Mother and babyWhen you can’t be there, your breast milk still can. Any new mom will tell you that a good breast pump is essential to keep up your milk supply when you need to be apart from your baby or if your baby is too premature or sick to breastfeed.

Reasons to use a breast pump

Here are a few reasons why mothers may need to use a breast pump

SEPARATION FROM INFANT

  1. Your baby is too premature or sick to breastfeed now, but you want to provide your breast milk for her feedings until she can breastfeed. Some babies are too premature or ill to breastfeed well. When this happens, you can pump. Your milk is like medicine for your baby. Babies who receive mother’s milk are less likely to become sick and are more likely to feed by mouth sooner, which may help them come home from the hospital earlier.
  2. You will be apart from your baby for some of her feedings due to work, school or other reasons.

Pumping when you are apart from your baby helps you to be able to give breast milk to your baby and avoid the expense and health risks of feeding formula. Using a breast pump allows you the flexibility to get back to work or school without your baby having to miss out on your milk.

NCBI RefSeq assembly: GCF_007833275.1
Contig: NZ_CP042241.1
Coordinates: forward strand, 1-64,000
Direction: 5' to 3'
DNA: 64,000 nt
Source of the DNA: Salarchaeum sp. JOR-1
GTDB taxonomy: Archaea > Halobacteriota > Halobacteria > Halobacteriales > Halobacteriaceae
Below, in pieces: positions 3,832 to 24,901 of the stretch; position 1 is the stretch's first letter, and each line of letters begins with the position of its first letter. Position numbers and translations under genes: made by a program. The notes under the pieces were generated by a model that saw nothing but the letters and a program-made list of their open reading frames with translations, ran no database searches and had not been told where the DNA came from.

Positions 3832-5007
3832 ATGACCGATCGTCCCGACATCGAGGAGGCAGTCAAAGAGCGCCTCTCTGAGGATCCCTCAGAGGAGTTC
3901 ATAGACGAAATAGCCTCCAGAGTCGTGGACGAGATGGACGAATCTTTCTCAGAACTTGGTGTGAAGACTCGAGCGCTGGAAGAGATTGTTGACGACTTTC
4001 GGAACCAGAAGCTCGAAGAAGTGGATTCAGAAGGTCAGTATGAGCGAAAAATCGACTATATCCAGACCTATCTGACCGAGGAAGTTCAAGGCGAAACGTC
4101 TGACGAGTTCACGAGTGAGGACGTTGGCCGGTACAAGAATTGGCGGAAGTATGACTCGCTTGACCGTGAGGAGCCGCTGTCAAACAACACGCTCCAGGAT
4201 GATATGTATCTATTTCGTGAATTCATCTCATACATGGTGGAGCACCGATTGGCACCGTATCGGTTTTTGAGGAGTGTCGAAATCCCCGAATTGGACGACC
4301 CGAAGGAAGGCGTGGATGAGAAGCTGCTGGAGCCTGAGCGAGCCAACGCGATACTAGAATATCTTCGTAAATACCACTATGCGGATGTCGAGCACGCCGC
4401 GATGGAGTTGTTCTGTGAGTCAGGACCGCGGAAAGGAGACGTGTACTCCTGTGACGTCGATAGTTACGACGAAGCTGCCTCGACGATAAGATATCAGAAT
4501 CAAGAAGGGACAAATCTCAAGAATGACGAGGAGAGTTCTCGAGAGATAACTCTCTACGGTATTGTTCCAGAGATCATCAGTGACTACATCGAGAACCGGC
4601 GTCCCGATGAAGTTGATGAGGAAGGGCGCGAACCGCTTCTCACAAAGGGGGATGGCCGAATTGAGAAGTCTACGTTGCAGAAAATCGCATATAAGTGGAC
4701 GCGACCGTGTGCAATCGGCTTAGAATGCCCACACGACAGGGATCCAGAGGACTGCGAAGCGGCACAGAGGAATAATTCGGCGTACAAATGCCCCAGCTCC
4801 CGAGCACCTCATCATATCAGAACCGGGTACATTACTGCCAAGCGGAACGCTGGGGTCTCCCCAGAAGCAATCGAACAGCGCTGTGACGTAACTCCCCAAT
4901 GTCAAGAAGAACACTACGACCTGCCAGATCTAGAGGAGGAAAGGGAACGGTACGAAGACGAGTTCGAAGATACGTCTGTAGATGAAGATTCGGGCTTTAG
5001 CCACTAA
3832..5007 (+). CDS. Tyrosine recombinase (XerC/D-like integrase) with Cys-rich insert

BREASTFEEDING ISSUES

  1. You are having breast fullness making it difficult for your baby to latch on. Sometimes a mother’s breast becomes too full for her baby to latch on easily. Pumping for a few minutes softens your breast, areola and nipple enough so the baby can latch on a little easier.
  2. You are having latch-on issues due to nipple shape. If you have flat or inverted nipples, it may be more difficult for your baby to latch on. Using a breast pump for a few minutes will help pull out your nipples, which may make it easier for your baby to take the breast.
  3. You are having difficulty breastfeeding your baby and need to use a breast pump to develop and maintain your milk supply while you work with a lactation professional to help your baby breastfeed.

MILK SUPPLY ISSUES

  1. You need additional breast stimulation to increase your milk supply. If you’re having trouble making enough milk, using a breast pump, in addition to breastfeeding, may help you increase your milk production. Pumping to drain your breasts of milk more fully more times each day helps you make milk faster. Contact a lactation consultant if you are concerned about your milk supply.

 


This is general information and does not replace the advice of your healthcare provider. If you have a problem you cannot solve quickly, seek help right away. Every baby is different. If in doubt, contact your physician or healthcare provider.